What Comes First in Songwriting: The Lyrics or the Melody?

What comes first in songwriting, the lyrics or the melody? I’ve found that anything can happen. Sometimes I start with an idea for lyrics, and other times a song begins with a melody. Sometimes I start with the chorus, other times with the beginning of the song, and still other times with the underlying chord structure. I’ve learned that there are no rules and to be open to any ideas that come my way.

A couple months ago, I was fiddling around with my guitar and was gifted with a melody. It arrived whole, but with absolutely no hint at all about the lyrics. For weeks, I was preoccupied with this melody. What was it about? What did it want to say? I wrote numerous lyrics on various themes for this melody – even going so far as to write a complete song – but none of them felt quite right.

During Passover last month, I found myself wanting to sing only liturgical  music. I felt so nourished celebrating this holiday with my entire family – my husband and children, my parents, siblings, nieces, nephews, and my in-laws. Between singing at our Seders and holiday meals, and going to synagogue a number of times, I was very uplifted by the music.

At our Seder, as we recited the 1,000 year-old Hebrew Nishmat prayer, which praises a God of salvation, I remembered that a year or two ago I had begun working on a tune to fit the Hebrew words for my favorite part of the prayer: “If our mouths were as full of songs as the sea, and our tongues replete with melodies like the endless waves. If our lips were filled with praise as expansive as the sky… still we could not thank You enough.”

The next day, I recited those words again in synagogue, and again they struck me. Hmmm. Might these holy words be in some way connected to the new melody I was playing with?

It turns out that they indeed were.

I present to you Still We Could Not Thank You Enough, which I adapted from a portion of the Nishmat prayer. If you belong to a house of worship of any denomination that would be interested in using this in your service, please be in touch. I would absolutely love to hear it sung in a devotional setting, where it belongs.

So, how does songwriting work for you? I would love to hear your experiences in the comments.


Head Shot Lo ResJulie Geller is singer/songwriter and speaker based in Denver, Colorado. She leads a community of creative women and teaches The Magic of You, a women’s creativity course.

What I Learned from Writing One Song a Week

I recently challenged myself to write a song a week for ten weeks based on the Torah portion from the Book of Genesis.

This was hard. And it took a lot of time.

And it was completely awesome. 

Here’s what I learned:

1. It’s Good to Experiment With Writing in Different Ways
I usually play with an idea in my head for days, weeks or months before I begin to put it to music. I didn’t have the luxury of doing that when I was writing a song a week. I would sit down in my studio and know that, within and hour, I would have to emerge with a song. It’s a different way of writing. It’s good to keep yourself on your toes and try new things. Now I have a new trick in my songwriter’s bag: writing quickly.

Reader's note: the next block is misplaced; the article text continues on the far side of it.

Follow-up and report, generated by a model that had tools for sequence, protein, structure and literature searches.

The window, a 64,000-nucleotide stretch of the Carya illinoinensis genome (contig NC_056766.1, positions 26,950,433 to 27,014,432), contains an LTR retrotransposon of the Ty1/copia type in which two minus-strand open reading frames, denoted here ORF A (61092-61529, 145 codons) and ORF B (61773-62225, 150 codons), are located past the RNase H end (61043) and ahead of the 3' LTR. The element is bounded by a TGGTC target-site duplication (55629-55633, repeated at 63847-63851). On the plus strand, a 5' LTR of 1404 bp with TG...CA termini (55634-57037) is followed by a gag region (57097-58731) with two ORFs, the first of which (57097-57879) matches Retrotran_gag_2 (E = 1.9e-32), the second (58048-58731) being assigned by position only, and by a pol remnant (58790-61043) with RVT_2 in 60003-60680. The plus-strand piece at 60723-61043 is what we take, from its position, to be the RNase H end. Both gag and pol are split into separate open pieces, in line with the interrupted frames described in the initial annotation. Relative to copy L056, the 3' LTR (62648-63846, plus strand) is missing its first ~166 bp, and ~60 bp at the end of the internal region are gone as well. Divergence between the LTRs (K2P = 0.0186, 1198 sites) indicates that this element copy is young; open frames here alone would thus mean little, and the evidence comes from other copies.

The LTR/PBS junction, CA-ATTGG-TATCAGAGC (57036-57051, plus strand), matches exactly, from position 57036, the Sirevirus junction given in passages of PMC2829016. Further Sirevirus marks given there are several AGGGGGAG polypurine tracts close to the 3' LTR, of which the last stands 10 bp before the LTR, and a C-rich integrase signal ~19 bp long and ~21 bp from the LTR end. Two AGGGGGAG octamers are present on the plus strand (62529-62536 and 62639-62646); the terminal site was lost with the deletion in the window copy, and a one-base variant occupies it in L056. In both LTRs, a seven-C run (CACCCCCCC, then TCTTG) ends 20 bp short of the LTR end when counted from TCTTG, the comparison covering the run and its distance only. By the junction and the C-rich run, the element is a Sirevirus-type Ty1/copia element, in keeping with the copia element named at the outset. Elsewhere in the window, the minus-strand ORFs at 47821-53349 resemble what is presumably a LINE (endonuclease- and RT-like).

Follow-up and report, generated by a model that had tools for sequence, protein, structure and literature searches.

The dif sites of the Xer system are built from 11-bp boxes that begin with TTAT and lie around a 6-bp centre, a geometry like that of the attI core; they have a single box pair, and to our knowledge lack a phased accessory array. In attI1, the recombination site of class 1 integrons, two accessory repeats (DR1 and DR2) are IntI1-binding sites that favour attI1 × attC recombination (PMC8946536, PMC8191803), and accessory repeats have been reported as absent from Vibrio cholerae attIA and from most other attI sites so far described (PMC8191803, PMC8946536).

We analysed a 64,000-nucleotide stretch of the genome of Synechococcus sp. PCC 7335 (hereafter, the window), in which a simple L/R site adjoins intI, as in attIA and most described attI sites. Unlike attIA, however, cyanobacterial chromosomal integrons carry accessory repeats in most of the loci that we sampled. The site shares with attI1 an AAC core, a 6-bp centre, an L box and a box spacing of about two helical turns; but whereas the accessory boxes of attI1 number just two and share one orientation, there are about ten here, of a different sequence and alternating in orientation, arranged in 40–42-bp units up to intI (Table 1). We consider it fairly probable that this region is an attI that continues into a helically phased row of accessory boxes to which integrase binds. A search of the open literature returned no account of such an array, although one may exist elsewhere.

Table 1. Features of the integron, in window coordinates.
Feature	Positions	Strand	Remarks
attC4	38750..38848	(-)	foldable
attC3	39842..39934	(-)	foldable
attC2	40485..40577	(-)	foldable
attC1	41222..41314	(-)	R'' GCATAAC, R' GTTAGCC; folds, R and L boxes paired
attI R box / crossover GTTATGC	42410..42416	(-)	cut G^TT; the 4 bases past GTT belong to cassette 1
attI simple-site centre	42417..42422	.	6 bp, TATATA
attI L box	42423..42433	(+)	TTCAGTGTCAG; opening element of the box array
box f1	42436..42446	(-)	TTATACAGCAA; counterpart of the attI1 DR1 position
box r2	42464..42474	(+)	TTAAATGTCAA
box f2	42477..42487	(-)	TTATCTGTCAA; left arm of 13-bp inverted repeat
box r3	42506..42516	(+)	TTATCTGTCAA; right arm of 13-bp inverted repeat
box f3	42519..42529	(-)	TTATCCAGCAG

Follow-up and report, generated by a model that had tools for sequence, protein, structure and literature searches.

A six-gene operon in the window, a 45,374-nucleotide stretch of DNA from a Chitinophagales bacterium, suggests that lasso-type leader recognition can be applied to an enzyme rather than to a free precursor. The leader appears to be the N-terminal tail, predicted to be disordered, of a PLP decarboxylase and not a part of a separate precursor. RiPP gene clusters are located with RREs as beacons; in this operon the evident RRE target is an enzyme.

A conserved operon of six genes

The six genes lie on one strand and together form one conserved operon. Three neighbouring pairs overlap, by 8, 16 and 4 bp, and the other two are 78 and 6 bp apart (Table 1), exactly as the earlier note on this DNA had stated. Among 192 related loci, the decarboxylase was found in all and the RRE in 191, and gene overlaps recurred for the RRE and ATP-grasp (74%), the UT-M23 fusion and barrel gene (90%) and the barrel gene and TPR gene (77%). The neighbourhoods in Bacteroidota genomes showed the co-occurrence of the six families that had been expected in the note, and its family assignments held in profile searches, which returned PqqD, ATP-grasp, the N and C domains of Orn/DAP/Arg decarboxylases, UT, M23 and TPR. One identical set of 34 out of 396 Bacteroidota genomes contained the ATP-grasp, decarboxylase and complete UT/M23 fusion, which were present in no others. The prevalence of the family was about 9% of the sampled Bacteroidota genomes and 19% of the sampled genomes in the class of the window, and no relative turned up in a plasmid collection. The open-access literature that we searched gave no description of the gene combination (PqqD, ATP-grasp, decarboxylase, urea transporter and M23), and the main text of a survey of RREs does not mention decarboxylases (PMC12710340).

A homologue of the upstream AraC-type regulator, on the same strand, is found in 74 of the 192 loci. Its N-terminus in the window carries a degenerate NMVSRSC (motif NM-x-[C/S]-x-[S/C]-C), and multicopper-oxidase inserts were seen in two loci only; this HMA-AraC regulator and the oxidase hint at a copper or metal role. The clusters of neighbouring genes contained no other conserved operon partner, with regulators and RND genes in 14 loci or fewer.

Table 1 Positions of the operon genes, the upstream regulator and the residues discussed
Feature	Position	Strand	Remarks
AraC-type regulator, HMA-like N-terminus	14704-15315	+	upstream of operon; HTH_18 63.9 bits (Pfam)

2. Perfection is Overrated
This is all about not being perfect and being comfortable with that. I’m never a perfectionist but it came out every more so on this project. By definition, with a project like this you are creating things that, like you and me, are not perfect. Embrace it. Who cares what people think of what you made? Seriously. NO, SERIOUSLY.

3. This is All About Getting the Creative Juices Flowing
Some of the songs I wrote are more like drafts. For example, I’m going back now to re-explore the song Put Down Your Guns Cause We Got Music. I loved the idea of that song but I didn’t really have a chance to write the lyrics the way I wanted to write them. I’ve now changed some of the lyrics and moved some things around. What I put out there initially wasn’t perfect but it got the germ of this song written and that’s the whole point. Now I’ve got some sketches that I can turn into full songs if I decide to do so later. Creativity begets creativity, so keep those creative juices flowing. 

4. Honor Your Commitments
Don’t make too many commitments but, when you do, honor them. Almost every week something came up that made it difficult to complete my song. So, I worked late at night or started at 5AM. So, I filmed a video at 6AM in my pajamas. The point is, commit to something a bit out of your comfort zone and see it through. That’s a great way to grow and expand the boundaries of what you think you can do.

5. Keep Your Eye on the Prize
No, the prize is not fame or fortune. It’s getting to practice your craft as much as possible. And, it doesn’t even matter what people think of what you create because you and I both know that the joy is in the creation itself.

6. Always Improve
My chops really improved during this process. I got to play with instrumentation every week and I grew a lot from that process. My confidence in my ability to write quickly also improved. Always strive to get better at doing whatever it is that you do. 

7. Pushing Yourself Inspires Others to Do the Same
My talented and fearless artist friend Lauren joined me for this whole journey, creating something beautiful and moving every week. Another friend of mine was so inspired by this idea that she decided to set her own ten-week goal.  When you challenge yourself, you give others permission to pursue their own dreams as well. 

Did I miss anything? Do you have anything to add? Please leave a comment below. Lo Res Head Shot